Jens Hoffmann

Jens Hoffmann is Deputy Director, Exhibitions and Programs, at The Jewish Museum. Formerly, he was Director of the CCA Wattis Institute for Contemporary Arts, San Francisco from 2007-2012. He was previously Director of Exhibitions and Chief Curator at the Institute of Contemporary Arts in London from 2003 to 2007. Hoffmann was an adjunct professor at the California College of the Arts, San Francisco, a guest professor at the Nuova Accademia de Belle Arti, Milan, and a faculty member at Goldsmiths College, University of London. He has organized more than 50 shows internationally including the 12th Istanbul Biennial (2011) and the 9th Shanghai Biennial (2012).

involved in:

Talking Contemporary Curating: Book Launch

Terry Smith launches his second publication, Talking Contemporary Curating, and will be joined in conversation with Kate Fowle, Jens Hoffmann, and Leigh Markopoulos.

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Thinking Contemporary Curating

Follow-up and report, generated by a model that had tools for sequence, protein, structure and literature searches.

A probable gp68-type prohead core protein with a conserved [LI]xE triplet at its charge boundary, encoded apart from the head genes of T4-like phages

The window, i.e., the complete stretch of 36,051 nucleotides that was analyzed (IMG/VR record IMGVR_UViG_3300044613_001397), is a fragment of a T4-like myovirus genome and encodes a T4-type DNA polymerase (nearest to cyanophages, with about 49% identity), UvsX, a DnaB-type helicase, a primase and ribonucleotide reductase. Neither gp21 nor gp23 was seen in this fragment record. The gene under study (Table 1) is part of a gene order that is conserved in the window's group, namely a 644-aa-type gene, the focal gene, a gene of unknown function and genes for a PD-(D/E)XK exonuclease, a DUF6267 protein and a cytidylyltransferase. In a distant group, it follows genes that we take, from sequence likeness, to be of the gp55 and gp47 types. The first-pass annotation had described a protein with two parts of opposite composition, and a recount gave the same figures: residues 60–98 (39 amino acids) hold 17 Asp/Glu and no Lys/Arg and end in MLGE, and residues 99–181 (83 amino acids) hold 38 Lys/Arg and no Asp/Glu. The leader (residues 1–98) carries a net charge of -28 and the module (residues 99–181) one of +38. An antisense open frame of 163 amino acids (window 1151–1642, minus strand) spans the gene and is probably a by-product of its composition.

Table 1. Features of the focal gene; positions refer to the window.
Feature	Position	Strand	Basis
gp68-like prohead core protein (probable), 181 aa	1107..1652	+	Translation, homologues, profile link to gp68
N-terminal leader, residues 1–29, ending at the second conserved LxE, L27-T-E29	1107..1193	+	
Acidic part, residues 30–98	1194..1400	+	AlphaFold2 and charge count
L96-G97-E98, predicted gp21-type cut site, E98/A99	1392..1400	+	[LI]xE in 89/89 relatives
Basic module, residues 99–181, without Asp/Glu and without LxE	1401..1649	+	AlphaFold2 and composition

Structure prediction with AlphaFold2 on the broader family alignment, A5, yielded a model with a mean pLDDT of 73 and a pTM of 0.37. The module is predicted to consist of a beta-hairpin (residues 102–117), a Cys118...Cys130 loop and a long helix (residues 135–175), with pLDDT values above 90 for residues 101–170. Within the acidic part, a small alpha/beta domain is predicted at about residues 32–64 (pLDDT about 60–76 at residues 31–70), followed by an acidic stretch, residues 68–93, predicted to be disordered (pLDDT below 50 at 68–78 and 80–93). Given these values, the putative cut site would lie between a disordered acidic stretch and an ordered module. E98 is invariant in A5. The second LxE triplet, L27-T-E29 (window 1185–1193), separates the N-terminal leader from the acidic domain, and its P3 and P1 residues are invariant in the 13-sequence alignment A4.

The book’s author, Terry Smith, is holding conversations about his new publication with prominent curators and art historians. The next event is a closed-door conversation between Smith and Boris Groys, Global Distinguished Professor of Russian and Slavic Studies, NYU.

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TCC: Terry Smith in Conversation with Jens Hoffmann

This is the third in a series of conversations with Terry Smith and prominent curators, during which they will discuss his new publication, Thinking Contemporary Curating and other relevant topics in curating today.

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People’s Conference

On February 24-25, ICI presents the People’s Conference, a two-day conversation in conjunction with the final stop of the People’s Biennial tour at Haverford College, PA.

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People’s Biennial Blog

Go behind the scenes of one of ICI’s most popular exhibitions, People’s Biennial.

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People’s Biennial

This innovative project proposes an alternative model to the standard contemporary art biennial, aiming to recognize the talent and unique expression that is present within many communities.  At the same time, the openness of this model is intended to reflect upon the often exclusionary and insular nature of contemporary art.

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